Climate Action in Sonoma County

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Photo by Nicholas Kassis

Nicholas Kassis, Reporter

    For many years, the Earth has been undergoing many changes from its oceans being polluted, land being deforested, and its atmosphere being altered. The Earth has had a great deal of restorations to conduct to itself, due to the demanding needs of humans. The results of overusing the resources provided by nature have become prevalent. An increase in global temperature, trash islands covering the ocean, forests being massacred. Change is needed to aid in the repair of the planet, and that is exactly what millions of people did.

    On September 20, the people of Sonoma County marched for change. A change in legislation, a change in opinions, a change in the climate crisis. Over 1000 people marched from the Santa Rosa Junior College to Downtown Santa Rosa, and over 2000 Sonoma County residents attended the rally in the Courthouse Square. Many organizations, such as Youth v. Apocalypse, attended and supported the march. The same organizations had stands promoting a variety of ways to help save the Earth.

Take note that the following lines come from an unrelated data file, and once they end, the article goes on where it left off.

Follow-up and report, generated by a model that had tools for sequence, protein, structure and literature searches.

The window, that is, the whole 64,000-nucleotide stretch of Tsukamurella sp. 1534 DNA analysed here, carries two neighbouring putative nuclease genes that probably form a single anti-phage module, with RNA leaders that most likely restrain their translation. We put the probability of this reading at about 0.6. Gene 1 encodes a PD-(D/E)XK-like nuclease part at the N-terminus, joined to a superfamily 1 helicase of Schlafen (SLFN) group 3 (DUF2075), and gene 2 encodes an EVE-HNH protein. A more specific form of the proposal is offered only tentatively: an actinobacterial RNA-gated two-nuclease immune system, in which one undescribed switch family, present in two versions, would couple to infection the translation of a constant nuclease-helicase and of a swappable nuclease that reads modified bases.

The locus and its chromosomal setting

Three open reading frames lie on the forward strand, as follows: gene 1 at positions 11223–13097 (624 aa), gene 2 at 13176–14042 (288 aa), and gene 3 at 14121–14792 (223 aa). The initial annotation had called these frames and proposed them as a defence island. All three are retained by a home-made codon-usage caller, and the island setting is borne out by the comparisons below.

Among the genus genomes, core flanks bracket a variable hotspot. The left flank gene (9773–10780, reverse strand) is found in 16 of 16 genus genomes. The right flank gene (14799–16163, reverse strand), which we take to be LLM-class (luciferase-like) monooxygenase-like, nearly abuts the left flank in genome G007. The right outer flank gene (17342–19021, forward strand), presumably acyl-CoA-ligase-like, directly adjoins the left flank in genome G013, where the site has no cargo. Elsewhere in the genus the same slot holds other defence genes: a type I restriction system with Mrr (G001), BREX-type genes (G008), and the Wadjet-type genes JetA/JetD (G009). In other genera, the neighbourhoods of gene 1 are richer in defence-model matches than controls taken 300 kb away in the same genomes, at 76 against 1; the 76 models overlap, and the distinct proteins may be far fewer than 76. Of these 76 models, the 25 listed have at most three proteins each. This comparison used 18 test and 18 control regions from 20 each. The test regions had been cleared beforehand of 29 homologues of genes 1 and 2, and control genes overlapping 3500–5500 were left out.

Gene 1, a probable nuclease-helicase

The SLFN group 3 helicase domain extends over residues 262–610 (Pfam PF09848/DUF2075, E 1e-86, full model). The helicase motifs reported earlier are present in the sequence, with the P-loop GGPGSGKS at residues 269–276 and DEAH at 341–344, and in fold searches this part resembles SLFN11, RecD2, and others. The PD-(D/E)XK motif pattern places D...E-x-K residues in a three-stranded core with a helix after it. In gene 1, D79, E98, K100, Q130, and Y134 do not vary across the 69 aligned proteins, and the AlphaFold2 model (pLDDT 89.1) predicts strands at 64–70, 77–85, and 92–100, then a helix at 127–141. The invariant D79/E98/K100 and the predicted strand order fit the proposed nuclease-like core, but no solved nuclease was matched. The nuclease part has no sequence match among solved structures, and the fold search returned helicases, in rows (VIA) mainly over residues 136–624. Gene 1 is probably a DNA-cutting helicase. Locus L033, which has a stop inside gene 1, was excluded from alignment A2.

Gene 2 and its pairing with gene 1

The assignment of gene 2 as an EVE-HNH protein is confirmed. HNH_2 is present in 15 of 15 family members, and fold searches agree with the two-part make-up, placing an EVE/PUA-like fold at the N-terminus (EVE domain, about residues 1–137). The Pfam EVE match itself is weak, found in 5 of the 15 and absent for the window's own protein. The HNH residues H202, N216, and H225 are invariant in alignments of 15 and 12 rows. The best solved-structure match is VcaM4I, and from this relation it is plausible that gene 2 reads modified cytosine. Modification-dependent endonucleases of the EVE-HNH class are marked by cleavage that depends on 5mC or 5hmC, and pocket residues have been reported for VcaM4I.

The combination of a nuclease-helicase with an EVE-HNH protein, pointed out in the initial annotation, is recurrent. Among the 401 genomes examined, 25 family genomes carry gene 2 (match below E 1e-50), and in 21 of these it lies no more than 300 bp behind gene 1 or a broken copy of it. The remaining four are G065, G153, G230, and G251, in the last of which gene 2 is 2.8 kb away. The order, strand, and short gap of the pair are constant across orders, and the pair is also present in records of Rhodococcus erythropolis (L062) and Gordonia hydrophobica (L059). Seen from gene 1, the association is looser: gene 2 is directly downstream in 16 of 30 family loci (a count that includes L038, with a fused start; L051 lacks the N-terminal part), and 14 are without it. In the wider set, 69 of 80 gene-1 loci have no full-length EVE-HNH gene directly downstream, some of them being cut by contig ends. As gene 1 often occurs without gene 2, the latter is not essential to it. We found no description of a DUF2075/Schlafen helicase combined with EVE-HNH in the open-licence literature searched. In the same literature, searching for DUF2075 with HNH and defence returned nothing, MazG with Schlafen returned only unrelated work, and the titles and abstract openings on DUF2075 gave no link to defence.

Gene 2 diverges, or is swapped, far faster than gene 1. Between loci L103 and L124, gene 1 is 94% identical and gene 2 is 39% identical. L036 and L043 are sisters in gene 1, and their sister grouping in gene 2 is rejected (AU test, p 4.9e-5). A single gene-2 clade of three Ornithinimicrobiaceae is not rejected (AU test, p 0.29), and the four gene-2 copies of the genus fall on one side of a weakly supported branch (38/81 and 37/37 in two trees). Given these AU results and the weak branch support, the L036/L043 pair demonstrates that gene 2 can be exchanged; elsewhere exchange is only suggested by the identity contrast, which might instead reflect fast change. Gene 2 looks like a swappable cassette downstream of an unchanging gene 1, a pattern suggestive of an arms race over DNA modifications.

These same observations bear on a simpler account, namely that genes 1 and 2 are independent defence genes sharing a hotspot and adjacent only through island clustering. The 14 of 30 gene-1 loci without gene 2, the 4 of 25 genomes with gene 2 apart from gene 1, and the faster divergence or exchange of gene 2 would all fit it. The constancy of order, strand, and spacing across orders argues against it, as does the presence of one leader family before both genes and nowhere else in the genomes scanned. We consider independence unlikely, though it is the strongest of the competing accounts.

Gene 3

The speakers at the rally highlighted the major problems the Earth faces. Many of the speakers promoted the Green New Deal, a piece of legislation that promotes the use of reusable energy sources. The New Green Deal aims to extinguish the use of all fossil fuels in the United States. Climate speakers passionately spoke of the urgency of the Earth’s situation. Many referenced the Green New Deal as a solution; however, Casa Grande Junior, Wiliam Walsh, shared his opinion saying “I do think it’s a good idea to have different energy sources that are more powerful and effective, but the weight of the cost will be put on taxpayers; I don’t think that’s right.”

    Walsh brings up a viable point. Taxpayers will suffer if the Green New Deal where to be implemented; taxes would rise due to massive government spending. The estimated total cost of the radical legislation is $100 trillion. Is the Green New Deal necessary? Is that price worth paying? Senior, Abigail Western, shared her opinion on the matter.

    “Carbon emissions from our everyday activities are affecting the atmosphere, and the increase of carbon dioxide has caused ocean acidification, 200 species a day are going extinct, and the impact humans have on mother nature is overall negative.”

    Western isn’t wrong. The planet has been changing, and not for the best. Carbon emissions from fossil fuels have been estimated to be over 3 trillion metric tons by the end of the year, and the ocean’s current acidity is estimated to be eight on the pH scale. 

    In the end, both parties hold a validated point. Humans are affecting the Earth, but who is going to pay to help rebuild the Planet? Will taxpayers be forced to pay a carbon tax? And if not, who will? The activists at the Climate Rally made it clear that change is needed and that they need it now.